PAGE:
Muhammad continued to speak to his kinsfolk until he received another Revelation ordering a forthright, determined attitude:

Therefore expound openly what you are commanded, and turn away from those who join false gods with God. (Al-Hijr 15:94)

The prophetic mission was entering a new phase. Now the message was addressed to all and required a clear-cut distinction between tawheed, faith in one God, and the polytheism of the Quraysh.

The Prophet had gathered around him a solid core of trustworthy women and men; some were his relatives, bur many came from different social categories and tribes, and he had been providing them spiritual and religious education for the previous three years.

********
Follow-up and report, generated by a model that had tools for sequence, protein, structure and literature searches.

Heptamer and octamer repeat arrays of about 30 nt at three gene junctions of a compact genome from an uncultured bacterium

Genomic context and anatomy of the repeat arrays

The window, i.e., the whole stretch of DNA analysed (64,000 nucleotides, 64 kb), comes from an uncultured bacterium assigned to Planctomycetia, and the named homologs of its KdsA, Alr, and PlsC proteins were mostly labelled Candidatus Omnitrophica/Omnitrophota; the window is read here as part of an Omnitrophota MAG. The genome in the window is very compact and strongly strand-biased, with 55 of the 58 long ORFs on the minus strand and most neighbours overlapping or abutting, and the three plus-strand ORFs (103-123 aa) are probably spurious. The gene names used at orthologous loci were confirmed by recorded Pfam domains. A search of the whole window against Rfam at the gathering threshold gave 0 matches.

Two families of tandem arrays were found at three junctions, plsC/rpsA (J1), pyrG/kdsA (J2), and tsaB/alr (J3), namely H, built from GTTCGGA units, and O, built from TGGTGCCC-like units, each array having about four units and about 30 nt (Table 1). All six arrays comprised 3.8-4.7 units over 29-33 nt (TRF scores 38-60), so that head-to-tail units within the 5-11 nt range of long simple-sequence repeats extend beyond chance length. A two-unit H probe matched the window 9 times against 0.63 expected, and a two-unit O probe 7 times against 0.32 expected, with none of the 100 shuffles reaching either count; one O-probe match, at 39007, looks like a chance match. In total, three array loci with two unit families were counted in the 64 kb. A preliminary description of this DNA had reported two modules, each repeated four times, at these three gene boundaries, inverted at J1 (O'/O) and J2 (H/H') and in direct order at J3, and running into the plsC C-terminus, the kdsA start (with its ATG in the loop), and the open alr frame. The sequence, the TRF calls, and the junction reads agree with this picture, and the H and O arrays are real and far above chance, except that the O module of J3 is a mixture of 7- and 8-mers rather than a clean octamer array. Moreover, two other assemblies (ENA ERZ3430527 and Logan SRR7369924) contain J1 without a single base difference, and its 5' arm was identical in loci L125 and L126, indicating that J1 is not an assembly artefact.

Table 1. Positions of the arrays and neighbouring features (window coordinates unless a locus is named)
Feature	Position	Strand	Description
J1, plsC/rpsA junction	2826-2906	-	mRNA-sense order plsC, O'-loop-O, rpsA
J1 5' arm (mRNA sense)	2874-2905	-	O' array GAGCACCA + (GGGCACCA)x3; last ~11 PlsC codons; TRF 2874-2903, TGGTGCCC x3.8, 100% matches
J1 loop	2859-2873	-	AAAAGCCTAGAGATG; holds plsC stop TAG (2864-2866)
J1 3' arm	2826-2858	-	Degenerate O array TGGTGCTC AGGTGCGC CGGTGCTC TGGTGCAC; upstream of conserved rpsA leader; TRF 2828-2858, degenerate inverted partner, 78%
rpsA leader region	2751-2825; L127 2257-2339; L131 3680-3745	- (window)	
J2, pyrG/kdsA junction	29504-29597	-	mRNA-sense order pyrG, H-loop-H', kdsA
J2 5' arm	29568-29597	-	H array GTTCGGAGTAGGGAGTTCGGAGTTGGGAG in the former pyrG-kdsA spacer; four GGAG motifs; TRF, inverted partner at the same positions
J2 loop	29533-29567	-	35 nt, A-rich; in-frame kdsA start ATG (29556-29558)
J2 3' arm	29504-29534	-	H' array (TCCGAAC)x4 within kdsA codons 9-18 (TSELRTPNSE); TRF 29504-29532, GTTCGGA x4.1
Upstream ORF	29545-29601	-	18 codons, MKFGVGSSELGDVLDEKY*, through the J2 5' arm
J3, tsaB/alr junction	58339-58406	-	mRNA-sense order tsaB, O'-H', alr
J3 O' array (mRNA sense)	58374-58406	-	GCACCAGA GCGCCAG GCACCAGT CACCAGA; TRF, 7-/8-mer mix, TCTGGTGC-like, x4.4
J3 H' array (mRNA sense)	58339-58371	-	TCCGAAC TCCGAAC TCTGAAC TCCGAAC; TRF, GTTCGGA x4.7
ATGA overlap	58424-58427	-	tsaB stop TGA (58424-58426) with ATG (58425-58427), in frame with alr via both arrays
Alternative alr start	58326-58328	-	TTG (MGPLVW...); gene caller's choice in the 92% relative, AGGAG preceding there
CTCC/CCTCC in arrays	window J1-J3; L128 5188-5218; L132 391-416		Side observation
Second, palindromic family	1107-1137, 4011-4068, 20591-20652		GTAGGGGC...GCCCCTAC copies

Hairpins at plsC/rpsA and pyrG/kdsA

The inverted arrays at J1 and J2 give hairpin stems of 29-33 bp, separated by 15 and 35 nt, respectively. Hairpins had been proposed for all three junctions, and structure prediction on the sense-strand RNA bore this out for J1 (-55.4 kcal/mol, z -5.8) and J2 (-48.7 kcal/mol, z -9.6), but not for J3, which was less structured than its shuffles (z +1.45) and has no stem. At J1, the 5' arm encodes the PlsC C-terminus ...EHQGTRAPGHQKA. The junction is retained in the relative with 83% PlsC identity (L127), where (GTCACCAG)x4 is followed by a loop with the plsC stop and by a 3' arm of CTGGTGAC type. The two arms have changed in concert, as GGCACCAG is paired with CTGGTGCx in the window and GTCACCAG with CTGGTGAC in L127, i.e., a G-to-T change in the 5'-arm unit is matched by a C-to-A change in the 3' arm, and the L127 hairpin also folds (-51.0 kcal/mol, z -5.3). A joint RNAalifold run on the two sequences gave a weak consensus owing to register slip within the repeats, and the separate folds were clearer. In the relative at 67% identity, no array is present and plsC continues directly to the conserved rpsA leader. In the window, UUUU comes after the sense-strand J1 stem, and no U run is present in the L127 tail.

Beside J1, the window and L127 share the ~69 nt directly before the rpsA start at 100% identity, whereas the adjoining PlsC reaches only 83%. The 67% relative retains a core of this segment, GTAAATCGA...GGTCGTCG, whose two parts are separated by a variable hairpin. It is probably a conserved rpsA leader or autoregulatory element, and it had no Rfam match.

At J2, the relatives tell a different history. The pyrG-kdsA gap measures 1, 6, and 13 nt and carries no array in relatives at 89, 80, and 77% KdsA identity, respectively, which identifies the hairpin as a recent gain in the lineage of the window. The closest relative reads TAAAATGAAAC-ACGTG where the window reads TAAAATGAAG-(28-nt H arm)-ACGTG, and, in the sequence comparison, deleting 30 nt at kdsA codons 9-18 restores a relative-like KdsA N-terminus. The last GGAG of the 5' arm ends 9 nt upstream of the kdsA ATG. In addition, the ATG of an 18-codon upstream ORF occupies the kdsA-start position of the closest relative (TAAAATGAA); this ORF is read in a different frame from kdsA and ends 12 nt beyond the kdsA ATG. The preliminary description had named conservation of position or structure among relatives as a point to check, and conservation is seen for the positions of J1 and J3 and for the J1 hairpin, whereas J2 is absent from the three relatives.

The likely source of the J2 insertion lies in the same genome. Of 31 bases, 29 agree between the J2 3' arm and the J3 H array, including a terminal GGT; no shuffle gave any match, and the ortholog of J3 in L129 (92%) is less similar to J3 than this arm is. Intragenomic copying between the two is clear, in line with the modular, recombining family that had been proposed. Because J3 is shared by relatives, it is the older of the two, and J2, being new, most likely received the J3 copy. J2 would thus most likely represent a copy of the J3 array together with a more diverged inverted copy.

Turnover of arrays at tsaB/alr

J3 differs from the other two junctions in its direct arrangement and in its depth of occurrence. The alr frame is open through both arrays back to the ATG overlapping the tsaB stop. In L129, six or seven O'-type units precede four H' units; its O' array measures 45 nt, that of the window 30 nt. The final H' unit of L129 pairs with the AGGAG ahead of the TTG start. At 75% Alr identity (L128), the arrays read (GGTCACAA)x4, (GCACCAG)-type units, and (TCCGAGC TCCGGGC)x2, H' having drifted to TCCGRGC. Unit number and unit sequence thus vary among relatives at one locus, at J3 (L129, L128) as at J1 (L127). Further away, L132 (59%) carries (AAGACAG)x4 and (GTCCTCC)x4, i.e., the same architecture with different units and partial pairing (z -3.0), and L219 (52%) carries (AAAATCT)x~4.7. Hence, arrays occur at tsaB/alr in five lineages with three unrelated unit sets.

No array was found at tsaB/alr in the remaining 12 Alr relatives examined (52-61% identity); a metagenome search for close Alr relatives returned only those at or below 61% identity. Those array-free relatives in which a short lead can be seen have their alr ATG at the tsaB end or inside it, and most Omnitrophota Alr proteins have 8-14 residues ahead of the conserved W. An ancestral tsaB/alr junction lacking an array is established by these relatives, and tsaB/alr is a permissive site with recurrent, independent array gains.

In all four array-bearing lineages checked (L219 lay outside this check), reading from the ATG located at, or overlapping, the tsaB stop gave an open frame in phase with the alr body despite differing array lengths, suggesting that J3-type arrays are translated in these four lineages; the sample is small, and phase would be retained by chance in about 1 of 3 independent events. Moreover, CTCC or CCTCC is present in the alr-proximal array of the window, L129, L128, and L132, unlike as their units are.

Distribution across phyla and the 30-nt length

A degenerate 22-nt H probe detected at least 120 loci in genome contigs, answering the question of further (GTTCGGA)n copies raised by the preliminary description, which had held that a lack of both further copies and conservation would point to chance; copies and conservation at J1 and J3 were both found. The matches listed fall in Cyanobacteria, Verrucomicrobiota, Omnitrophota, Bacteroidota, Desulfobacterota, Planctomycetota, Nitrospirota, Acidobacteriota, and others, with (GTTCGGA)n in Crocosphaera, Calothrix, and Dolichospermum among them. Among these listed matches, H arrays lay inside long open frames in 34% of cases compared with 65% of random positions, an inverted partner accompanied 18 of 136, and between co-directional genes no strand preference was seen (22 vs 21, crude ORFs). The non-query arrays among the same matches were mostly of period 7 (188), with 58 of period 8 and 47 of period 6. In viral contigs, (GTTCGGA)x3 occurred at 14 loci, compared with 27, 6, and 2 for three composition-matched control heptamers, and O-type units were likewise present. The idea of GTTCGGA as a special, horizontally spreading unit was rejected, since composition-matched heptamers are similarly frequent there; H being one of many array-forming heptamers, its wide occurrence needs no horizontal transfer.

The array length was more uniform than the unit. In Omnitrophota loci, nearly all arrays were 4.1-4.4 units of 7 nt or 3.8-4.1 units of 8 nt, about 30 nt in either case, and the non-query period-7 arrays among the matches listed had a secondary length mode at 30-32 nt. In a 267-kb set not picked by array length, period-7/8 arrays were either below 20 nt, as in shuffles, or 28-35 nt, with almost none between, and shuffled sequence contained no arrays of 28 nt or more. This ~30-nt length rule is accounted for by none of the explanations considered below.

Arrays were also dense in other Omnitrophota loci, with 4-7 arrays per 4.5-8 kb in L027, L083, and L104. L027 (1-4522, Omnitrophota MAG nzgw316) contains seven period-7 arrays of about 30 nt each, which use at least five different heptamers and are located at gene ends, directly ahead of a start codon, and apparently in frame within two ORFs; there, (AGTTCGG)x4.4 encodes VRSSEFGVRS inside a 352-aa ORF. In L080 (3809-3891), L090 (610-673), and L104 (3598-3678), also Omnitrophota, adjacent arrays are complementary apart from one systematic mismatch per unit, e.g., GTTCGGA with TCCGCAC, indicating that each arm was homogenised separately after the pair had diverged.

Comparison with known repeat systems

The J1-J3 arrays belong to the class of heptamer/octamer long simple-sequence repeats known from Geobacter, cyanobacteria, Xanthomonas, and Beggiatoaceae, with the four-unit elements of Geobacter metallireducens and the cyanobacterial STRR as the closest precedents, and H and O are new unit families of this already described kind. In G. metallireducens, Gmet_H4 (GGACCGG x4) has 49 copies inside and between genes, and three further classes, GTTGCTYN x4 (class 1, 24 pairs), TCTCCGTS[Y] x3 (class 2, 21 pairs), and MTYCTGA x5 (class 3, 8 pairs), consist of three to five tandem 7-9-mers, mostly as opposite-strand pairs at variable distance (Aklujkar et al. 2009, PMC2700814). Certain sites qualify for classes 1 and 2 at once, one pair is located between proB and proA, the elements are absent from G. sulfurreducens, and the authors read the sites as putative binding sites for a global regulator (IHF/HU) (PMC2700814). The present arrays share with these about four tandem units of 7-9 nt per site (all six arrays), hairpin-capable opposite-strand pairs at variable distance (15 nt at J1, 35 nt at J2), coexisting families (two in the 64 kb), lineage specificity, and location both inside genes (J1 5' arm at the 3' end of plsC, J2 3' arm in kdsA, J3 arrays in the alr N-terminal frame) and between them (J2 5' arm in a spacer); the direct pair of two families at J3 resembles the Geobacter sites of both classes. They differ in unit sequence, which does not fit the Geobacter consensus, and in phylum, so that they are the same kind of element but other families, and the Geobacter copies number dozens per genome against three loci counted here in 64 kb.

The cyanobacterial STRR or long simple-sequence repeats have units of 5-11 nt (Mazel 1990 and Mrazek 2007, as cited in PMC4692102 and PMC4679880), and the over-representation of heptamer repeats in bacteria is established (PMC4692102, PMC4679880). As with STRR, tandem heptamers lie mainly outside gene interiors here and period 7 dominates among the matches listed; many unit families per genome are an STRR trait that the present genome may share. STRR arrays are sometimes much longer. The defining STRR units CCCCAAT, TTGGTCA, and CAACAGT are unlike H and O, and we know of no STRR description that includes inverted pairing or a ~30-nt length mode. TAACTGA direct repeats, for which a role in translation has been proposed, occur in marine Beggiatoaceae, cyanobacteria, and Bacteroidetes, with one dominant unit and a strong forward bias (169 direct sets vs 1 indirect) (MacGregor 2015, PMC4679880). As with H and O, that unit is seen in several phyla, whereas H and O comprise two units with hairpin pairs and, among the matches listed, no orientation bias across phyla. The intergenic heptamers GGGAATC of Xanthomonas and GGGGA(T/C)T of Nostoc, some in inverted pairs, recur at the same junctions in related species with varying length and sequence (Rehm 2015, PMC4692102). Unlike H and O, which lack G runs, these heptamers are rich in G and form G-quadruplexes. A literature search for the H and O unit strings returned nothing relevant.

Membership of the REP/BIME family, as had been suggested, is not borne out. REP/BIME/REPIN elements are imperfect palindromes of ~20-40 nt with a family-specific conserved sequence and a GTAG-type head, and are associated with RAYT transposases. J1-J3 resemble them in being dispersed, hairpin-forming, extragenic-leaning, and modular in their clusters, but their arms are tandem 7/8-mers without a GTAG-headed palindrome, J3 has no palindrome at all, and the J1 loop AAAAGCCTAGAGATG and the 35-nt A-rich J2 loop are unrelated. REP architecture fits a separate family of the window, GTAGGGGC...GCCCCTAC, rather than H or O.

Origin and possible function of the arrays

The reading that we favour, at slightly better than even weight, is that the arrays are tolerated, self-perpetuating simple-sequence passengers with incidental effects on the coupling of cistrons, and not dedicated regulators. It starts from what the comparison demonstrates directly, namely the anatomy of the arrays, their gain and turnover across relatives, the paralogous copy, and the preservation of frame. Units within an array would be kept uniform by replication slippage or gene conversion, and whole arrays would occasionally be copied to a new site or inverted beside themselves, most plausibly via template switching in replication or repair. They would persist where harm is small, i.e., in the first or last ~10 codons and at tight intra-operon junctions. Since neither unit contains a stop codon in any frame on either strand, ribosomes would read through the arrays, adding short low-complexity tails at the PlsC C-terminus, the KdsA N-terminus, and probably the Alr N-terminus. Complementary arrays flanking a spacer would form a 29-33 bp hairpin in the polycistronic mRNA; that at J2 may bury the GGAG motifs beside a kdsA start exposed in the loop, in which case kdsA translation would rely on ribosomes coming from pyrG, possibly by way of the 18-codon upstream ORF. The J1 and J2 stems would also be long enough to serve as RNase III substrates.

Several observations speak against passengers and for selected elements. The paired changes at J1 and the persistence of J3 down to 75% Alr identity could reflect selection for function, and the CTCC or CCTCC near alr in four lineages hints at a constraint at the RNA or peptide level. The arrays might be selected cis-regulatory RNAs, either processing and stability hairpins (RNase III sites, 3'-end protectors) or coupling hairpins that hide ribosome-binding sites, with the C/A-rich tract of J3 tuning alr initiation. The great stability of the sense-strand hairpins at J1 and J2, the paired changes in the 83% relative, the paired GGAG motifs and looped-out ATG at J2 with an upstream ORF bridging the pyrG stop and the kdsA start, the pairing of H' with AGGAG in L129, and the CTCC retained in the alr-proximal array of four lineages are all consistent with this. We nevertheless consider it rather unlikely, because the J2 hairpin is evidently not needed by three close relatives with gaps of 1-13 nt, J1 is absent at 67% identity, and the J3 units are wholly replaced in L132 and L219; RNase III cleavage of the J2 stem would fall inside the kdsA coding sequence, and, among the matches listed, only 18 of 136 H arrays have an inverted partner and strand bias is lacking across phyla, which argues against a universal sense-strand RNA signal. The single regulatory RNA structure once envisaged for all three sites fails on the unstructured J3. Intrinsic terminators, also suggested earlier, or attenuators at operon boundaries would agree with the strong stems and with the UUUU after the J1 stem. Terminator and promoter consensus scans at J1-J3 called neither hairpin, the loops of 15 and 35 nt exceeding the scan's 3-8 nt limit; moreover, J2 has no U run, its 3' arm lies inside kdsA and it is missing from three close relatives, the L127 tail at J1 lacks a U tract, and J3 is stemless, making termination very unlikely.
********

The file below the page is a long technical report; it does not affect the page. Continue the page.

With steadfastness and forbearance, they were to face rejection, persecution, and exclusion in a Meccan society that was beginning to split apart.

_________________________

The article is an excerpt from the author’s “In the Footsteps of the Prophet: Lessons from the Life of Muhammad, Oxford University Press (2007).

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New Muslims Pilgrimage

Guideposts on the Hajj Route

By Dr. Atiyah Al-Weeshy

Guideposts on the Hajj Route

Hajj is one of the most pious acts which a person does in order to gain the pleasure of God.

For the intention of making hajj (pilgrimage) to germinate among the ribs of a believer, one is required to do much more than what is commonly done by tourists, including viewing plain ancient monuments or visiting places with origins and memories steeped in history, which may fill them with astonishment and admiration.